Iceland far below the OECD average

Iceland is far below the OECD average when it comes to urban green areas. Only 3.5% of urban areas are organized as green areas in Iceland compared to the OECD average of 17%.

This was revealed in the Minister of Energy, Environment and Climate, Guðlaugur Þór Þór Þórðarson’s response to a question from Independence Party MP, Diljá Mist Einarsdóttir, in Reykjavík, the Icelandic parliament, in Alþingi, Iceland, yesterday. The minister referred to a recent OECD review of the housing market in Iceland.

In particular, Einarsdóttir wanted to know how access to green areas was internationally compared to the population in Reykjavík and whether green areas were impacted by the current Reykjavík structure, including by the urbanization policy.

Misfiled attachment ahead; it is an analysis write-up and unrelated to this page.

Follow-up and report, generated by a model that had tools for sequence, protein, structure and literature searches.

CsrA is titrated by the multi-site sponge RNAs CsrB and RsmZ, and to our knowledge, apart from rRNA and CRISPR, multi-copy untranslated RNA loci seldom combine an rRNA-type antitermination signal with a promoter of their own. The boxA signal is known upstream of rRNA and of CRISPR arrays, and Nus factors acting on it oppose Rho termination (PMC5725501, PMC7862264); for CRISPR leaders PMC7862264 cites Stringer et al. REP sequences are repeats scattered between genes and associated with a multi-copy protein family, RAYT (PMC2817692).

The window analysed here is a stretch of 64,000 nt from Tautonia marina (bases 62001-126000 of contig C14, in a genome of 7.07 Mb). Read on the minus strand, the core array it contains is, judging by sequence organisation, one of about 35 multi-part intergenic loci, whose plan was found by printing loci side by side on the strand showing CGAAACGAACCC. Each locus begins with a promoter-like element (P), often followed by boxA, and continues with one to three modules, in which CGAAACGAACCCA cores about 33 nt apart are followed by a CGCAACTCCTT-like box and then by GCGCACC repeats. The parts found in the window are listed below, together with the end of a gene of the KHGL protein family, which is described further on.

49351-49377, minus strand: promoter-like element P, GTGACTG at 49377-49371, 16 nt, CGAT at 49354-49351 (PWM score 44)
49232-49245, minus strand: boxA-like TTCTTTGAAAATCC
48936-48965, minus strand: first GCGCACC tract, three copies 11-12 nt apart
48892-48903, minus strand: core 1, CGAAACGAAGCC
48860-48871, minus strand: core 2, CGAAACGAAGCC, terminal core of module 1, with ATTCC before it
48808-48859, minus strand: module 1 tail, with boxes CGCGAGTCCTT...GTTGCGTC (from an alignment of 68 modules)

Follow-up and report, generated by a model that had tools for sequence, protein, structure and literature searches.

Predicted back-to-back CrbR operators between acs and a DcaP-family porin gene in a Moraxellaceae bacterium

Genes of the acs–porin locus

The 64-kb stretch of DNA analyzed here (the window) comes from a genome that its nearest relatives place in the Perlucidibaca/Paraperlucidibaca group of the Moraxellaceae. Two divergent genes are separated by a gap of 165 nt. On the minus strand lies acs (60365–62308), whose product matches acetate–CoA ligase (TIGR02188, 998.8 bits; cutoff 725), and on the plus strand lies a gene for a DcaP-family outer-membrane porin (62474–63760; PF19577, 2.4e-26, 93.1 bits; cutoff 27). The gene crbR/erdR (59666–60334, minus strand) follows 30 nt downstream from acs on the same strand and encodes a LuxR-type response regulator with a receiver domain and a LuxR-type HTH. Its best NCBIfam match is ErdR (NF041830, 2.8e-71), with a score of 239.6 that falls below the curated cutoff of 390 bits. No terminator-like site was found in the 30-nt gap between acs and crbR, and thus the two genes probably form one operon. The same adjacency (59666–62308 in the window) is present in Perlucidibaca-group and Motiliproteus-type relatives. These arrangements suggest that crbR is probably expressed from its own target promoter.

In this case, she specifically wanted to hear Þórðarson’s opinion on the proposed landfill in Skerjafjörður, where the city plans to build.

Heading for a major environmental disaster

Þórðarson said that there is a large number of green areas in the capital area and outside the urban area. However, Icelanders’ access to green areas is not good compared to the other OECD states.

He made it quite clear that green areas would be disrupted by the plan for the densification of the settlement in the city, and he mentioned, amongst other things, the construction plans for Elliðaárdalur and Laugardalur.

As for the landfill in Skerjafjörður, the minister was unimpressed, saying that the city was heading for a major environmental disaster with these plans.


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